Creative Commons License
This work is licensed under a Creative Commons Attribution-Noncommercial-No Derivative Works 4.0 License.
Academic maturity is defined as the extent to which college students maximize their academic potentials. Addison, Althoff, and Pezold (2009) designed the 100-item Academic Maturity Scale (AMS) to measure this construct. Through factor analyses, the AMS was reduced to 30 items and four factors: motivation, responsibility, focus, and time management. The current study examined the reliability and validity of the 30-item AMS. Data from 425 participants supported the internal consistency of the AMS subscales, and results from 88 participants who completed the AMS, the Academic Motivation Scale (Vallerand et al., 1992), and the Time Management Questionnaire (TMQ; Britton & Tesser, 1991) yielded significant, positive correlations between scores on the AMS time management subscale and TMQ scores, and between scores on the AMS motivation subscale and those on the Academic Motivation Scale. These findings support the validity of the time management and motivation subscales of the AMS.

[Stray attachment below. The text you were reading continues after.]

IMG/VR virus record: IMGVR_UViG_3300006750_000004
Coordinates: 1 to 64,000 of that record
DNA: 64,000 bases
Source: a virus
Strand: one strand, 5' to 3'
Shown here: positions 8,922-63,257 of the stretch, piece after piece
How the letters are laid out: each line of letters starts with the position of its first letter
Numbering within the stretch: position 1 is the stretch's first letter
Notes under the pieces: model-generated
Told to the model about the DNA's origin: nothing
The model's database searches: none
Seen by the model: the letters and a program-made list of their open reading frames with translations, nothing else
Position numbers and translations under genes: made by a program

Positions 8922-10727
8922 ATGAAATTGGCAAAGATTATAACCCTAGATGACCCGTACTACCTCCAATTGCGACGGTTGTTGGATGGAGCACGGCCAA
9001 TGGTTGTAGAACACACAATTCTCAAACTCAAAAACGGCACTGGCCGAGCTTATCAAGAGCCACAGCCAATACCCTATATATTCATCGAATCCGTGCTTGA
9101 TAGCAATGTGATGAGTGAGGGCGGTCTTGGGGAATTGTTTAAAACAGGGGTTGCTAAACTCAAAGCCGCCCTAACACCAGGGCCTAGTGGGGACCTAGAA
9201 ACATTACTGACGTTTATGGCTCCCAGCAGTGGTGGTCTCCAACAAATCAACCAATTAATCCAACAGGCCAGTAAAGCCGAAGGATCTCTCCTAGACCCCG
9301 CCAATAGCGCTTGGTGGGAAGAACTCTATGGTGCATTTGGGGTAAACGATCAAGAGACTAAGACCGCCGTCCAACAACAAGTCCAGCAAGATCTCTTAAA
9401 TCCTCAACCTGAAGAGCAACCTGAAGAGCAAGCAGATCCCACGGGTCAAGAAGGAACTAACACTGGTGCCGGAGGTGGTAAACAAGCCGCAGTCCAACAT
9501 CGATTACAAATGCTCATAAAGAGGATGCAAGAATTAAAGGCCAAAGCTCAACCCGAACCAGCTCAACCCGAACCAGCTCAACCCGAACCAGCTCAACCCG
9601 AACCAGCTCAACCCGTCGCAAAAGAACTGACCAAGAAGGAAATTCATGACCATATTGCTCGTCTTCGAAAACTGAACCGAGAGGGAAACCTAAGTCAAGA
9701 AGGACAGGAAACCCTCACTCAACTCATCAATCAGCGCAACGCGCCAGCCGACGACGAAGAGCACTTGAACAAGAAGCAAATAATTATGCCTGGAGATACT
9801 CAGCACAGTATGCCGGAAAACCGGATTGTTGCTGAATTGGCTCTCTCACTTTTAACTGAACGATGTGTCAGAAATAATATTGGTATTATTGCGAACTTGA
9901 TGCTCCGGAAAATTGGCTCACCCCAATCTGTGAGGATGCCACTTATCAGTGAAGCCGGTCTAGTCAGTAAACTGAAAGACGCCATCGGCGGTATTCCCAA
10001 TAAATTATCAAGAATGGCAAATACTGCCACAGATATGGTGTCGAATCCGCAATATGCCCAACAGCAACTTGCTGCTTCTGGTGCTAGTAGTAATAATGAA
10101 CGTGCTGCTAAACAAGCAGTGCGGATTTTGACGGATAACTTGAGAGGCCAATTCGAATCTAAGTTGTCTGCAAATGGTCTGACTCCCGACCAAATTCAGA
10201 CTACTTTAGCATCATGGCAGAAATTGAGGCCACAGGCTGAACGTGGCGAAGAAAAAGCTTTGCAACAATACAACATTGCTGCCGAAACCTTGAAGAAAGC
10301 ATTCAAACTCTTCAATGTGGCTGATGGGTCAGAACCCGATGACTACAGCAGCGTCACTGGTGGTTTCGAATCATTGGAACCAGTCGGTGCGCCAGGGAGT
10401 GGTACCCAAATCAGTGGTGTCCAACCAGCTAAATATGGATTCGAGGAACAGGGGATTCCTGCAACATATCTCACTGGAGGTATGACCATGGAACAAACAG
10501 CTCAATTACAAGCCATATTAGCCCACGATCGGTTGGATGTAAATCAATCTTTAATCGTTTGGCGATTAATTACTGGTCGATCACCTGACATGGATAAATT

McElroy, Erin L., "Reliability and Validity of the Academic Maturity Scale" (2013). Undergraduate Honors Theses. 58.